''Such companies have a big presence and are involved in a lot of charities and in funding so they hold a lot of power. The people who introduce you to these scams are people you know, your friends and family. And due to this, there is a big impact of it on society. People have felt so miserable and they have felt miserable not only because they lost their hard earned money but because they were cheated by somebody and no one likes to be cheated on, especially by a close friend or family,'' she said.
'A lot of suicides resulted because of these schemes. Just last week a 31-year old software engineer committed suicide because he was in debt of about 20 lakhs. For the victims it is very traumatic because it's a betrayal of trust. The people who introduce you to these scams are people you know, your friends and family. The victims are across a broad spectrum. The worst hit are cases of victims who reside in villages and are from the lower economic strata. Companies sold car wash liquid in villages where people had no cars. In a Ponzi scheme, one person sold his buffalo for Rs 20,000 and invested it in the hope that his investment would double in 90 days. In the start he would get money of about Rs 1200 per month and then he stopped receiving it. Eventually the company just disappeared,'' she shared.
''What bothers me most is that people talk about Vijay Mallya but no much is talking about these scams which affect millions. MLM scams have been happening in India for over 20 years and the total loot amounts to close to seven lakh crore,'' she said.
Is regulatory framework weak or there is lack of proper enforcement? Is it due to absence of financial literacy in the country?
Ms Aruna said,''We have a government that talks about a new India and an empowered India. India which is actively fighting corruption. So I would like the government to act. We have a wonderful piece of legislation, the PCMCS act, 1978, to take such companies to task. We have laws in place but they aren't being implemented. The 16 agencies present in our country that can regulate this act are not doing anything. They pass it on to someone else saying it doesn't come under their jurisdiction. Recently, the Cyberabad Police in Hyderabad have registered 38 cases and arrested 70 people in a multi-level marketing scam allegedly involving Q-Net. The company had roped several celebrities to endorse their services.''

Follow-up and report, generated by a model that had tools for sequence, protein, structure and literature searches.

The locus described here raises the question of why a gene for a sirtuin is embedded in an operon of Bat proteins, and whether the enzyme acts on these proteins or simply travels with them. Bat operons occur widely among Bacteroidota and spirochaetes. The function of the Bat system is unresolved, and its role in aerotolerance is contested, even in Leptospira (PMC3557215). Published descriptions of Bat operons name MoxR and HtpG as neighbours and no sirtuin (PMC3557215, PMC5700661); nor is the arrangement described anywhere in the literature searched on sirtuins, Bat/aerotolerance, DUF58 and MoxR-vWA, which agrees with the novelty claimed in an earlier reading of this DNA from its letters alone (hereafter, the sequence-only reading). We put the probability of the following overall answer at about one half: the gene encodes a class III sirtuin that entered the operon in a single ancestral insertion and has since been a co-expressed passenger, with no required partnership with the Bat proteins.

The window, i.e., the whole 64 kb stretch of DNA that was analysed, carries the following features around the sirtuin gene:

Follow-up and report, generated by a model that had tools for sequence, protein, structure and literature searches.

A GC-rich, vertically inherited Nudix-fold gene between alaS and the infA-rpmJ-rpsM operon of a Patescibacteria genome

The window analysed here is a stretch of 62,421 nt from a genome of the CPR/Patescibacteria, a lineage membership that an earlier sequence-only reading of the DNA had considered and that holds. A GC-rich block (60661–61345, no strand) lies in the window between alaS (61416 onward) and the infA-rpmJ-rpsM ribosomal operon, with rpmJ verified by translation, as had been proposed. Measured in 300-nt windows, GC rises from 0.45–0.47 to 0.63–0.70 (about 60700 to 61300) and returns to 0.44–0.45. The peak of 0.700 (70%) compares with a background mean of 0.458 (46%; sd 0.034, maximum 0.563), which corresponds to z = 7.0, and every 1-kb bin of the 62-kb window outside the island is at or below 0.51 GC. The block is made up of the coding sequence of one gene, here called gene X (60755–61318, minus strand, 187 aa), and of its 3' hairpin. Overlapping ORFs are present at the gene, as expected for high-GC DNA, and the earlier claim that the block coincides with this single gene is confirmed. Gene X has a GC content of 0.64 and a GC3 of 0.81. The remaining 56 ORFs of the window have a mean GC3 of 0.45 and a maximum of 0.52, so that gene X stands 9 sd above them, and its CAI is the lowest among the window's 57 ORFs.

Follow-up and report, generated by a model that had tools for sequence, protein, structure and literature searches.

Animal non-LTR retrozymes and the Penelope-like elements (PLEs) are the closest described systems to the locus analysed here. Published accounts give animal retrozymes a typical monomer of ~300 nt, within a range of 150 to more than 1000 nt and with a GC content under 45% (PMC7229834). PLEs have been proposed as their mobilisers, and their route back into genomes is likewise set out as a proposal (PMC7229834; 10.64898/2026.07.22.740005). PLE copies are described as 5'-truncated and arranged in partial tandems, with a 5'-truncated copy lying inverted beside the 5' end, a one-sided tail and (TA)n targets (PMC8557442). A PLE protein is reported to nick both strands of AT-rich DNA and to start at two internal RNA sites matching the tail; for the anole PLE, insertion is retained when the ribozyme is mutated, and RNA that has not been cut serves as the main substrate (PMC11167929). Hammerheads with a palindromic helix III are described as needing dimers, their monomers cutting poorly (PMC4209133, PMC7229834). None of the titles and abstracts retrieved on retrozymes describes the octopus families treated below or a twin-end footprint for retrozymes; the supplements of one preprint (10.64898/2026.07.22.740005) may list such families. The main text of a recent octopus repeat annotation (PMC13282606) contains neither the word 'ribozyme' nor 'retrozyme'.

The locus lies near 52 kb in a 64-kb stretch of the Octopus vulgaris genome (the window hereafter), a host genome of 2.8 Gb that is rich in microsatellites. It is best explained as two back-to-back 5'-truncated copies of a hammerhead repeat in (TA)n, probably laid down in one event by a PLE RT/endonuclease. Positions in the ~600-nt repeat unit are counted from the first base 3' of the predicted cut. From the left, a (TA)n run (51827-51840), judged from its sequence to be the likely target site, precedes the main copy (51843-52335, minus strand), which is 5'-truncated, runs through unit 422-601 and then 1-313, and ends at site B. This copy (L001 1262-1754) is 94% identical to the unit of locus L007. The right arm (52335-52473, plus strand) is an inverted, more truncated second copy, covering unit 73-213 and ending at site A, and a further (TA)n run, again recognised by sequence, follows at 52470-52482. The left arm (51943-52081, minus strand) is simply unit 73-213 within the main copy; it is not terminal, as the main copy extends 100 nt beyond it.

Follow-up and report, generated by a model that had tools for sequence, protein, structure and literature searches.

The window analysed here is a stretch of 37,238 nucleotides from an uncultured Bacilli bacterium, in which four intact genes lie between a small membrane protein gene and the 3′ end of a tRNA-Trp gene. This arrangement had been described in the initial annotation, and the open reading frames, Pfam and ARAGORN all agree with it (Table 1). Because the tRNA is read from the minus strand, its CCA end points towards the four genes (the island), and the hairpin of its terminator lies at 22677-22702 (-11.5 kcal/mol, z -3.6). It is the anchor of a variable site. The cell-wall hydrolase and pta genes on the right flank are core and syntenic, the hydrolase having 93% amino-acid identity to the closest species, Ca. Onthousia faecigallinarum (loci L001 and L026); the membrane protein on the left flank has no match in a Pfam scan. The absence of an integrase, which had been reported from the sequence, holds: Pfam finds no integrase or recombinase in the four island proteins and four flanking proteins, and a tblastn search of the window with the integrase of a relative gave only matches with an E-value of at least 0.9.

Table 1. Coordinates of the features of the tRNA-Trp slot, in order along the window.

''This book is hoping to tell the government to act on the issues and bring a solution because this is a worldwide phenomenon. The only agency which can crack down of these fraudulent companies is the government,'' she said.
About her expectations from the book, she said,''It's a book written with a social conscience. Rather than saying I chose the subject, I would say that the subject chose me. I was drawn to it because of the ruined relationships, the impact it had on society and why people felt so miserable. They felt miserable not only because they lost their hard owned money but because they were cheated somebody and no one likes to be cheated on, especially by a close friend or family. That's what drew me to the subject. So I decided to tell this story which is not an easy one.
Most of such companies entered India post liberation and set up shop here. They started operating Ponzi schemes that were based on recruitment and enrollment on people and that's how they get commissions. These schemes are a mathematical improbability. Only the people at the top of the pyramid make money. As the pyramid keeps growing most of the people lower down in the pyramid don't make any money. Also, the main heads of these companies are mostly not in the country and hence not governed by the laws of India.''
''Over the years, the MLM companies have inspired local companies and the locals, make their own version with the given ideas and they continue to scam people. All the money comes from enrollment and the products are just a cover,'' she added. The book is published by 'The Write place', a publishing initiative by Crossword Bookstores. (UNI)